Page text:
Meera Syal explores how comic effects can be created in writing using examples from '1066 and All That' by W. C. Sellar and R. J. Yeatman. She focuses on timing, pace, rhythm, the rule of three and how through use of these constructions the reader's expectation is inverted.

This clip is from:
Curriculum Bites, English
First broadcast:
4 October 2007

This clip is useful as a starting point when exploring comedic writing, perhaps from columnist-style articles. Watch the clip, identify features, then explain how these are used in a text or compare how they are used across a range of texts.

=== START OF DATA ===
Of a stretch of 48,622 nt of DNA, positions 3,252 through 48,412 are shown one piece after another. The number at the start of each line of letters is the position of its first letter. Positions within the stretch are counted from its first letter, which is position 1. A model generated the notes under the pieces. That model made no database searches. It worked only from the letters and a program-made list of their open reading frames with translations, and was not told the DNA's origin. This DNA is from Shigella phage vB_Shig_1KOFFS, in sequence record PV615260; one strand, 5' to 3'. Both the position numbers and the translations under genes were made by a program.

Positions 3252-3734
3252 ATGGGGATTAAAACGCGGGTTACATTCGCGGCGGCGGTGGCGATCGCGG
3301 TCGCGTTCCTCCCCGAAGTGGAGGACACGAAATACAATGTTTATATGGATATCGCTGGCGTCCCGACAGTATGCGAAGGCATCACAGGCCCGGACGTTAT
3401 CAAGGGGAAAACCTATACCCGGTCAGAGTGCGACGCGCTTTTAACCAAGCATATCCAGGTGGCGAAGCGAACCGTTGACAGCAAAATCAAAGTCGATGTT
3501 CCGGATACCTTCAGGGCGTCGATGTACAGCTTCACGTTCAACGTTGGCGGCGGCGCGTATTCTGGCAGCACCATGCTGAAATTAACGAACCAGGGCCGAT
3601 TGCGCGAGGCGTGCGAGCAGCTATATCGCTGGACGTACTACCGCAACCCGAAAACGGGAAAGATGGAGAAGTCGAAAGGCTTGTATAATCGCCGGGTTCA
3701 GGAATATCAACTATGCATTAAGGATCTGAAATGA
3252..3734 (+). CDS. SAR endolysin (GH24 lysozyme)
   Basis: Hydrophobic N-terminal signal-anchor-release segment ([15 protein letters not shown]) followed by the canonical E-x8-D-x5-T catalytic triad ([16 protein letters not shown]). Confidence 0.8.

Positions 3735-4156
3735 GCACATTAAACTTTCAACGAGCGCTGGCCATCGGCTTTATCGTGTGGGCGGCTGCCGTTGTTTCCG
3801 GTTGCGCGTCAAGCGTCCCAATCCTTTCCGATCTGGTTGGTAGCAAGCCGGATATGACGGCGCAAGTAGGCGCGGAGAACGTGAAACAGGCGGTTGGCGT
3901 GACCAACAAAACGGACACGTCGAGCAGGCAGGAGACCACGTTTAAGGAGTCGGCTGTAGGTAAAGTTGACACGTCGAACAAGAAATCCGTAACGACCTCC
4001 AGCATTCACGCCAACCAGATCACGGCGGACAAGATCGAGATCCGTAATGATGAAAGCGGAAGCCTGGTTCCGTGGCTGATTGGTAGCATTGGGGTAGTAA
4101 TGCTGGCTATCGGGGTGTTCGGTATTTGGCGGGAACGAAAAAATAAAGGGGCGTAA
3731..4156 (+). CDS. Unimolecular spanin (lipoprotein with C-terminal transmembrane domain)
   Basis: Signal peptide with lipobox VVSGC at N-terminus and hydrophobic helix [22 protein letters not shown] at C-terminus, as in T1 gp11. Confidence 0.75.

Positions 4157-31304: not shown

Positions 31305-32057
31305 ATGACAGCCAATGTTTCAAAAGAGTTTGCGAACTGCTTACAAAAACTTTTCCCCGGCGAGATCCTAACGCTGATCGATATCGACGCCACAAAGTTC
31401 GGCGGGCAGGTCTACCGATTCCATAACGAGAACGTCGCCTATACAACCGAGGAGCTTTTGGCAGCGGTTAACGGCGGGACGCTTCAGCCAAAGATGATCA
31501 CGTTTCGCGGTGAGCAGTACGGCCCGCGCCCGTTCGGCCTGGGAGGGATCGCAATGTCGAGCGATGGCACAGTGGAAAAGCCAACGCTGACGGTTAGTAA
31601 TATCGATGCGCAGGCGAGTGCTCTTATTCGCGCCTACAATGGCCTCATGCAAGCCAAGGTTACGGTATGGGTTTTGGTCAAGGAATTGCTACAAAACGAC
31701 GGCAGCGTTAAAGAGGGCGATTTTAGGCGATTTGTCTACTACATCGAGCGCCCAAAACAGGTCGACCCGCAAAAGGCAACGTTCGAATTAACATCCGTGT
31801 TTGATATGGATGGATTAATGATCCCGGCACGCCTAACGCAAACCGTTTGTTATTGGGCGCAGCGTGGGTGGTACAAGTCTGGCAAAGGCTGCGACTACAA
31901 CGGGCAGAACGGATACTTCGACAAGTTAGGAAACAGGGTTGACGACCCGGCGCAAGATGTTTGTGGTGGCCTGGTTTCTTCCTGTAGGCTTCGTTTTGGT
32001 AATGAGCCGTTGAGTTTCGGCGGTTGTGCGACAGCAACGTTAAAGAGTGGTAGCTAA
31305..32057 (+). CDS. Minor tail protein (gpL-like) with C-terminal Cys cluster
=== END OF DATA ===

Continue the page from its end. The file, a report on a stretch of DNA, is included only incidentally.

The clip could also be used to launch a speaking and listening exercise where you ask them to do a 30 second ‘stand up’ spot. Working in pairs they can coach each other to include an 'undercutting short sentence', 'pretend evidence', 'rule of three' and 'word play' to say something funny for half a minute (you can suggest topics – my family, my journey to school, or something more topical).